A Covid expert has described a 50,000 drop in the number of people using Scotland’s coronavirus app as “concerning” – but stressed the figure only represented a tiny proportion of those using it.
The Protect Scotland tool was downloaded by two million people after it was launched in September last year as part of the early defences against the virus.
However, at the beginning of the month it was confirmed that only about 950,000 of those were still active.
Now BBC Scotland has reported a further 50,000 people have stopped using the app during July.
The decline comes amid concerns of a so-called “pingdemic” in England with up to 600,000 being alerted by the UK Government’s own app to self-isolate.
Should we still be using the apps?
First Minister Nicola Sturgeon has urged Scots to keep using the app, which was designed to identify close contacts of confirmed Covid cases quickly.
The Scottish Government established its own Protect Scotland software while England and Wales have used the NHS Covid-19 app.
Both apps monitor how long you are in close contact with others using the technology with people needing to be within 6ft of each other for 15 minutes to receive an alert if the other tests positive.
Ms Sturgeon said this month it was “really, really important” that everybody keeps using it on their phone.
Today Stephen Reicher, a professor of social psychology at St Andrews University, described it as “concerning” that some people were no longer using the app – but stressed many continued to have it active.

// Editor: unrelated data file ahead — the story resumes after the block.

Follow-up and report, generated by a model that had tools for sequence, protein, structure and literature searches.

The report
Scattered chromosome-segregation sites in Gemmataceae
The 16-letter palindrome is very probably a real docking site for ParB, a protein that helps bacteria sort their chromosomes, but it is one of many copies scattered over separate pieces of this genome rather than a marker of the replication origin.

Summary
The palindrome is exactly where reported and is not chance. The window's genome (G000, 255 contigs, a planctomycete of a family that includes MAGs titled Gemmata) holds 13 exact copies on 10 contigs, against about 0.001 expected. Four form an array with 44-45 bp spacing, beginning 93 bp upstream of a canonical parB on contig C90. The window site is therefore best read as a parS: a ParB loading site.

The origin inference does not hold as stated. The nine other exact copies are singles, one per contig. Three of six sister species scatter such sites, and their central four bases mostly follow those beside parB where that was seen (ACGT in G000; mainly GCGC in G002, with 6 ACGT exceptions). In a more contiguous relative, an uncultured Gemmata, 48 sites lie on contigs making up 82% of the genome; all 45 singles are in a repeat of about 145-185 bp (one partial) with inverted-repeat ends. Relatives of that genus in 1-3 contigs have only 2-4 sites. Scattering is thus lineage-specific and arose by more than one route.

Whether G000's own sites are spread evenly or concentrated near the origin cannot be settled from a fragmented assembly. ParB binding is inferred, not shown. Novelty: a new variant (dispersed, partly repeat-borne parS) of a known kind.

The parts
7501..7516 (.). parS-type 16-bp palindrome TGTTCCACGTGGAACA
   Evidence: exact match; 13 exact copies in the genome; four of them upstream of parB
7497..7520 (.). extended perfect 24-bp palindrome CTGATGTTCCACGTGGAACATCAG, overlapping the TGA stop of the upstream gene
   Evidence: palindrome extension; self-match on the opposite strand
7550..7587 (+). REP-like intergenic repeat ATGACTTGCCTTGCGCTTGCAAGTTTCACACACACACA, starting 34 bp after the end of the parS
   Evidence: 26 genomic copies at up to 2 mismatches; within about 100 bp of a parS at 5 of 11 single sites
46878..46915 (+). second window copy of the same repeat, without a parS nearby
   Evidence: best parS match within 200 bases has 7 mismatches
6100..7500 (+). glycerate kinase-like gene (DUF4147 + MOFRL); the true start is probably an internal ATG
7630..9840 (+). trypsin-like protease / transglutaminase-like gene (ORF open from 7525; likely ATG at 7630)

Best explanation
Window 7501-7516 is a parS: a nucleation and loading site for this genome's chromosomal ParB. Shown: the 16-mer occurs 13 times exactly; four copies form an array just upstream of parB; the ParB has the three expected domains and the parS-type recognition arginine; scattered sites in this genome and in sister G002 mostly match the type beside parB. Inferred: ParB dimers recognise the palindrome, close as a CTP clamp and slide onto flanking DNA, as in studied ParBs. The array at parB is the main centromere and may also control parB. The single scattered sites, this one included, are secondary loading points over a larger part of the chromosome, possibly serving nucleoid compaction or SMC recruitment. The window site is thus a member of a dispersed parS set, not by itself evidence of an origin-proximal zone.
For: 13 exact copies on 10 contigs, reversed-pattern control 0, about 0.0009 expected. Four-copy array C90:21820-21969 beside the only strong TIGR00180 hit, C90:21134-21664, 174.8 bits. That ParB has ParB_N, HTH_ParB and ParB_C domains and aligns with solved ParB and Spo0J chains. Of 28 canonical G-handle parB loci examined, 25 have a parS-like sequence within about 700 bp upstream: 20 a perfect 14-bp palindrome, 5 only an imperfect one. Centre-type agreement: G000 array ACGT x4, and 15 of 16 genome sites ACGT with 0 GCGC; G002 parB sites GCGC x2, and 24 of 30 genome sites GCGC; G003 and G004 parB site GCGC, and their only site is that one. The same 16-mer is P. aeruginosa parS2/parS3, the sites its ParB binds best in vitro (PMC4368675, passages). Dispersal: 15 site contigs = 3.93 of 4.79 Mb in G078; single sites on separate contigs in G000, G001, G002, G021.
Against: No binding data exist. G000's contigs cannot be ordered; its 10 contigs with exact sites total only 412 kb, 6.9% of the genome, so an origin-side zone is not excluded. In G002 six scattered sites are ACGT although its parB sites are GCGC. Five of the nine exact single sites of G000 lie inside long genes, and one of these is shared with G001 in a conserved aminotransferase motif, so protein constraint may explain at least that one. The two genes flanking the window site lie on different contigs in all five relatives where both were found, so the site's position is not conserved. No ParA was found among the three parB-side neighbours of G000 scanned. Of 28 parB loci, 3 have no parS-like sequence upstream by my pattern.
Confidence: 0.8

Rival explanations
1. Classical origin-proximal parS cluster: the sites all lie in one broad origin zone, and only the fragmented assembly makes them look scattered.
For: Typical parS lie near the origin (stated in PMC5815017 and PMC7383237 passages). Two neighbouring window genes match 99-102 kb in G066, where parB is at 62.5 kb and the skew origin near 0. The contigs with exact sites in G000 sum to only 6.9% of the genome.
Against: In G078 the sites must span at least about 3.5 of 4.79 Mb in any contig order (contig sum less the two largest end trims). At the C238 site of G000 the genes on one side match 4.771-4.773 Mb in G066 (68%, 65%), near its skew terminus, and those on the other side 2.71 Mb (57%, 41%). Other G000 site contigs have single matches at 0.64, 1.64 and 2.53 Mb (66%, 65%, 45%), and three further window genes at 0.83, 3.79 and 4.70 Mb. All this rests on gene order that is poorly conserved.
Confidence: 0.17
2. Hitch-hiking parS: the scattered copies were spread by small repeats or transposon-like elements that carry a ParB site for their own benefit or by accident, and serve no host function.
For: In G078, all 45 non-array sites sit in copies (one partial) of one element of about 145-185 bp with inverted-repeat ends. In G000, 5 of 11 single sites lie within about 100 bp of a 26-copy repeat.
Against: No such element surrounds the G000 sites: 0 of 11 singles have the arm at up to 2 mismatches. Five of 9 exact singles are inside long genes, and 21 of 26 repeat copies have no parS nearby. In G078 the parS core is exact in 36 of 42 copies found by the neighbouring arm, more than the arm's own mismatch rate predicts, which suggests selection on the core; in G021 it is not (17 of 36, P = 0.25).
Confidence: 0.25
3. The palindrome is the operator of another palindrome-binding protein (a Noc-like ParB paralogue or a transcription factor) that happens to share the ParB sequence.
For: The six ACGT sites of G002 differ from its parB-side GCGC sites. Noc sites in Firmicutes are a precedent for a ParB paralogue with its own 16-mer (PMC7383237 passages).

He told BBC Radio Scotland: “I deeply dislike the ‘pingdemic’ term.
“People are being alerted by these apps because the infection rates are very high.
“The data in Scotland is a bit less clear but elsewhere in the UK the cases are clearly going up.”
He added: “It’s perfectly true that people are deleting the app but it’s only 2% or 3%.
“So yes, it is concerning but the danger is if you overstate the extent of people not complying then it becomes self-fulfilling.
“Overall, the population is following the science and being careful.”
Professor Reicher explained attitudes in Scotland towards face coverings and social distancing were more cautious than the rest of the UK.
However, he stressed more could be done to make environments safer – citing examples of Belgium using carbon dioxide monitors to examine ventilation and New York installing air purifiers in schools.
Covid could become “trivial infection”
Experts believe the vaccination rollout will help the country avoid the need for future lockdowns.
Warnings have been issued that Covid will continue to circulate among the population.
However, Dr Chris Smith, from the Naked Scientists, who is also a medical consultant at Cambridge University, believes the vaccines will change the way it is managed.
He told BBC Radio Scotland: “There’s an argument that we can’t stop Covid circulating and it will become an endemic infection
“But in that way, we will transition towards using the vaccinations convert what would be a lethal infection for some to a trivial infection for everybody.
“Because even vaccinated people are susceptible towards catching this infection, but they don’t get severely ill or die 95% of the time.
“In other words, we will have brought the risk of severe disease and death down 20-fold, which is dramatic, and sort of what you would expect with the annual flu season when a lot of people who catch it don’t even realise they have.”